NASA’s IXPE helps solve the mystery of black hole jets


NASA's IXPE helps solve the mystery of black hole jets

This illustration shows NASA’s IXPE spacecraft, right, observing Blazar Markarian 501, left. A blazar is a black hole surrounded by a disk of gas and dust with a bright jet of high-energy particles directed toward Earth. The inset illustration shows high-energy particles in the plane (blue). When the particles hit the shock wave, which appears as a white band, the particles energize and emit X-rays as they accelerate. Moving away from the shock, they emit low-energy light: first visible, then infrared, radio waves. Farther from the shock, the magnetic field lines are more chaotic, causing more turbulence in the particle stream. Credit: NASA/Pablo Garcia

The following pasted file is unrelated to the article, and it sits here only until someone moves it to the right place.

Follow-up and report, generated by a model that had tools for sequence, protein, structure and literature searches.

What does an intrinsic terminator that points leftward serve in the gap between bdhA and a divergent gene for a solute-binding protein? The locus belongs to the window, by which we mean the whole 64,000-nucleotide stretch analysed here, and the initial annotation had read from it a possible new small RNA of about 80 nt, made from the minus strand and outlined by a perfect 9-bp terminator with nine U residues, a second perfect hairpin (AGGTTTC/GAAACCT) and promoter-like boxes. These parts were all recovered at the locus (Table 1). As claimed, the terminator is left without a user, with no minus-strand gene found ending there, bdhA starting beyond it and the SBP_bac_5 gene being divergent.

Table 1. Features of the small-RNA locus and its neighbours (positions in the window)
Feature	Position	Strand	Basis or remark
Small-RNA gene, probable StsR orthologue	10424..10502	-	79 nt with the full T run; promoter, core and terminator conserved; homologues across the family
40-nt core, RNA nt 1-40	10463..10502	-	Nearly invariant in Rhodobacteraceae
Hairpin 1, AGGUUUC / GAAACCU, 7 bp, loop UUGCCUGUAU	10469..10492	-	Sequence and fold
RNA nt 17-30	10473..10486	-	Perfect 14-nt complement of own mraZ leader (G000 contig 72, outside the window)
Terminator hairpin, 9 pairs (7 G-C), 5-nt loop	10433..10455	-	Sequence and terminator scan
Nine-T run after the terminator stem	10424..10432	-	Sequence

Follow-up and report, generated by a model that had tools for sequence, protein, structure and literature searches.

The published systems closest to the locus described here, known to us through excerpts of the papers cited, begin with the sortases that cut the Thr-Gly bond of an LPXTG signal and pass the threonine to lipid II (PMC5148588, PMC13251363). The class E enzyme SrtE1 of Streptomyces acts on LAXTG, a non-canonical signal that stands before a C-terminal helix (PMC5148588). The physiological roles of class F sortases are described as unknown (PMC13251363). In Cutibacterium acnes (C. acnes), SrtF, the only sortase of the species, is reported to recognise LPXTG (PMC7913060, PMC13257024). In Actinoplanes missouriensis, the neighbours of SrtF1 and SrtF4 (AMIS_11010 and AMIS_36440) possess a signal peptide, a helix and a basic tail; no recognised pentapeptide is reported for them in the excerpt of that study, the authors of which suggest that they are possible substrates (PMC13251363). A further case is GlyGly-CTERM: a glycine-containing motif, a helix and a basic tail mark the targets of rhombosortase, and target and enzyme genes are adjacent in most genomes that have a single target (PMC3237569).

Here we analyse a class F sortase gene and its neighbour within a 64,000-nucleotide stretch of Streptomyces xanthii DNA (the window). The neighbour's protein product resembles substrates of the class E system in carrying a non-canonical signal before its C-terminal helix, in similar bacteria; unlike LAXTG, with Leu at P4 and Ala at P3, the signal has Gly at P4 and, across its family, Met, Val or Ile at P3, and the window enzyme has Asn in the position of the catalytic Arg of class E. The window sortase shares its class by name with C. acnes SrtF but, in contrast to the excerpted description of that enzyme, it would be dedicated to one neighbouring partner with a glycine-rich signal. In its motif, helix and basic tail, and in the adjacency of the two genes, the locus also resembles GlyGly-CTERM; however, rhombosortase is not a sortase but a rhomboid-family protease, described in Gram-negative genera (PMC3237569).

Some of the brightest objects in the sky are called Blazars. It consists of a supermassive black hole feeding off material orbiting it in a disk, which can create two powerful jets perpendicular to the disk on each side. The star is particularly bright because one of its powerful jets of high-speed particles is heading straight for Earth. For decades, scientists have wondered: How are particles in these jets accelerated to such high energies?


NASA’s X-ray Imaging Explorer, or IXPE, has helped astronomers get closer to the answer. In a new study in the journal natureWritten by a major international collaboration, the astronomers found that the particle acceleration is best explained by the in-plane shock wave.

“This is a 40-year-old mystery that has been solved,” said Yannis Liudakis, lead author of the study and an astronomer at FINCA, the Finnish Center for Astronomy with ESO. “We finally got all the pieces of the puzzle in, and the picture they painted was clear.”